C. * * * In cases of persons who have begun a new employment after January 1, 1962, no judgment authorizing disbursement from said fund shall be entered unless the person claiming permanent physical impairment has given written notice to the employer of the nature and extent of such prior physical impairment prior to beginning his employment by his execution of the certificate required by Section 8 of the Subsequent Injury Act. [Emphasis supplied.]

Section 52-2-6, N.M.S.A.1978, provides:

A. Any worker may at any time file, and any employer may require a workman, as a condition of employment or continued employment, to file with the superintendent of insurance, a certificate of preexisting physical impairment.
B. Said certificate shall set forth the nature of the impairment, expressed both as a description of the impairment, and as a percentage of disability as defined in the Workmen’s Compensation Act; it shall be signed and acknowledged by the workman and a physician duly licensed to practice medicine in the State of New Mexico. The certificate shall state whether the preexisting impairment was caused by accidental injury.
C. In the event any workman suffers compensable injury as defined by the Workmen’s Compensation Act, said certificate shall have the effect of limiting the employer’s liability under the Workmen’s Compensation Act to that disability attributable to the current injury.
D. In the event the certificate of preexisting physical impairment certifies that the impairment was the result of an accidental injury, the Subsequent Injury Act shall be applicable to any disability arising out of accident or occurrence taking place after the date a certificate is executed. [Emphasis supplied.]

Interpretation of filing requirements of the Subsequent Injury Act is a matter of first impression. Appellant argues that Subsection D of § 52-2-6, supra, states that it applies only to disability arising after execution of a certificate. Therefore, execution of a certificate prior to a subsequent injury is mandatory. Since the certificate in this case was executed and filed after the occurrence of the disability and after the filing of plaintiff’s suit, the Fund claims that the employer’s failure to timely file exonerates the Fund under the act.

On the other hand, appellees draw an analogy between the Subsequent Injury Act and § 52-1-41, N.M.S.A.1978, of the Workmen’s Compensation Act. It requires the filing of proof that the employer has met the Act’s insurance requirements within 30 days of the establishment of an employment relationship. Under the Workmen’s Compensation Act, failure to file indicia of insurance renders an employer subject to common law tort actions, but the courts have held that substantial compliance is sufficient. See, e.g., Baldwin v. Worley Mills, Inc., 95 N.M. 398, 622 P.2d 706 (Ct.App.1980), cert. quashed, 95 N.M. 426, 622 P.2d 1046 (1981); Mirabal v. International Minerals & Chemical Corp., 77 N.M. 576, 425 P.2d 740 (1967). UNC contends that the same principle should apply to the execution and filing requirements for certificates under the Subsequent Injury Act, *485since the purpose of requiring certificates is to give notice.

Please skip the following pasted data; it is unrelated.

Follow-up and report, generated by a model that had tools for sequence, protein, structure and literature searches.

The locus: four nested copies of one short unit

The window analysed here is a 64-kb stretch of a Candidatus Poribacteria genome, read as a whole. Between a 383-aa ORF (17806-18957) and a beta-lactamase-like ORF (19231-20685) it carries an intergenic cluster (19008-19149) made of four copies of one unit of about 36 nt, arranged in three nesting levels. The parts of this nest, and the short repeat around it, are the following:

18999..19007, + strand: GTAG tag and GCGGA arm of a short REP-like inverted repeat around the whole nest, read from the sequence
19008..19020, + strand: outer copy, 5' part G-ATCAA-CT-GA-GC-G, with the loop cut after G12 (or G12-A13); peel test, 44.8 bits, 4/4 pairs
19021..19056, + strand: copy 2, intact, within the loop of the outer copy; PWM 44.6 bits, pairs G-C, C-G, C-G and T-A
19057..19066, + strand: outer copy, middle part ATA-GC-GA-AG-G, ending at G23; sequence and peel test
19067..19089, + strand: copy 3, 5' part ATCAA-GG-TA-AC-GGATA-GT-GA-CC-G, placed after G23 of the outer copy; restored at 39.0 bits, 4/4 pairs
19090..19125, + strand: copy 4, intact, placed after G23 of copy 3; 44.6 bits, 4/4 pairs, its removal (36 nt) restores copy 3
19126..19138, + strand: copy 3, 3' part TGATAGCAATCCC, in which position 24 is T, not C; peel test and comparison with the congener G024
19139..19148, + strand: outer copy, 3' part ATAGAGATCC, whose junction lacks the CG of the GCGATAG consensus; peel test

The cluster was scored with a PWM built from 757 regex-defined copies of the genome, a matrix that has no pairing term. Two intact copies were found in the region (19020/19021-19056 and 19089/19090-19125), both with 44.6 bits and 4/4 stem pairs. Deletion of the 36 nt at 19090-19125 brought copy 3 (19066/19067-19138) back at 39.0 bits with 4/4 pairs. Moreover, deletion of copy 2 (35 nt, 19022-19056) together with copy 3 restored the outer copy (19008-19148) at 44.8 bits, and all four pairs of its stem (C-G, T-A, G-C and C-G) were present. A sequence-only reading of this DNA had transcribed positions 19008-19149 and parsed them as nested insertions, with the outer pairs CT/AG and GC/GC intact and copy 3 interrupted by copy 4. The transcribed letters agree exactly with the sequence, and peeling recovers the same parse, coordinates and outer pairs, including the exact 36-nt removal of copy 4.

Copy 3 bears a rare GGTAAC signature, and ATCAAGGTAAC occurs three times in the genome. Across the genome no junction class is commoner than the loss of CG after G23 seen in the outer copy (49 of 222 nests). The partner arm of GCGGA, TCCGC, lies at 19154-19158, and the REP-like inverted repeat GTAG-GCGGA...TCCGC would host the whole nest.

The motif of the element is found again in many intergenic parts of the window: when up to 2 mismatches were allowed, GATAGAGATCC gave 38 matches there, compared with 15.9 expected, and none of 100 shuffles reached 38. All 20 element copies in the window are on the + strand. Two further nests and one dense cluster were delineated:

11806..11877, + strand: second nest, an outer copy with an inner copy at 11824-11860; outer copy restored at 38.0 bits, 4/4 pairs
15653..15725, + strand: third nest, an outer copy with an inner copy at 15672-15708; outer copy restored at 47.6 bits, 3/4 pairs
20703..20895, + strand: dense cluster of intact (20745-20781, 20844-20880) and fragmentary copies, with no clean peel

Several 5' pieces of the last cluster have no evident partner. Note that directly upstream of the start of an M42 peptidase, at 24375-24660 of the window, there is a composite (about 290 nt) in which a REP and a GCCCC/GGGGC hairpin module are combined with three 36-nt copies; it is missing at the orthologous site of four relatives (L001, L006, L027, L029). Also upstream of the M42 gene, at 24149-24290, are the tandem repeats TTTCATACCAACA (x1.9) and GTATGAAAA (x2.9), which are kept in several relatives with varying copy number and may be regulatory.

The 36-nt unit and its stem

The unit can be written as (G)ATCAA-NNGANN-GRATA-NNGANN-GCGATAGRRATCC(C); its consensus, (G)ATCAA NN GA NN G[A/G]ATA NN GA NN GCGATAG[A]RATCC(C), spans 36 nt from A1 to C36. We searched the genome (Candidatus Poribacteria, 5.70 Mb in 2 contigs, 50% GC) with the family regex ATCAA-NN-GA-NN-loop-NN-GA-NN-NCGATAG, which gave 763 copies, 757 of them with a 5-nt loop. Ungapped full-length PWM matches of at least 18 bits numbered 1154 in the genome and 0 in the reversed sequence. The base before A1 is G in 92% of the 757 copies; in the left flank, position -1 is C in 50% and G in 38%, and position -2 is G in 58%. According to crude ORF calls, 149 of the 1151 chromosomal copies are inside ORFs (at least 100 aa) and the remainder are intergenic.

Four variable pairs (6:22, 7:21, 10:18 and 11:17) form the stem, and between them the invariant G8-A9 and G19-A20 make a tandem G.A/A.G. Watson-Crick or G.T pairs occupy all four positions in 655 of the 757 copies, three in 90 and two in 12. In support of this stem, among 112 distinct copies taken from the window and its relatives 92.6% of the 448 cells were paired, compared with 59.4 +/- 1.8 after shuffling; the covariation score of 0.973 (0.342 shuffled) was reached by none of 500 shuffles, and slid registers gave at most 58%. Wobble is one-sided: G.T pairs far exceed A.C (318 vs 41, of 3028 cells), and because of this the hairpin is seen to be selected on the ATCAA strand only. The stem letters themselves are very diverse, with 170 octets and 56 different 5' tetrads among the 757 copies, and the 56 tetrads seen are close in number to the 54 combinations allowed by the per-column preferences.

UNC also urges that the language of § 52-2-6, supra, is ambiguous. It necessitates resort to statutory construction and interpretation to glean the true legislative intent of the Act’s provisions relative to certificates.

We agree that the filing provisions of the statute are ambiguous.

Section 52-2-5(C), supra, states that for a judgment mandating Fund disbursement to be entered, the employee must give “written notice” to the employer of the pre-existing impairment before beginning work by “execution of the certificate required by Section 8” of the Act. There is no Section 8 of the current Act. The current § 52-2-6(A), supra, permits filing “at any time.” Section 52-2-6(D) states that if a certificate certifies that the prior impairment was due to an accident, the Act applies to injuries occurring after the certificate is executed. From this conflicting and partially obsolete language alone, we cannot determine whether time specification of the Act’s filing provisions are mandatory or merely directory.

Where ambiguity appears in statutory language, giving rise to several different interpretations, the court must resort to construction and interpretation thereof to ascertain legislative intent. Methola v. County of Eddy, 95 N.M. 329, 622 P.2d 234 (1981). To do so, courts are not limited to consideration of isolated parts of an act, but are required to construe all parts thereof in pari materia, and must look to the legislative history of the enactment, its purposes, and its effect under the various constructions suggested. See New Mexico State Board of Education v. Board of Education of Alamogordo Public School District No. 1, 95 N.M. 588, 624 P.2d 530 (1981); Methola v. County of Eddy, supra.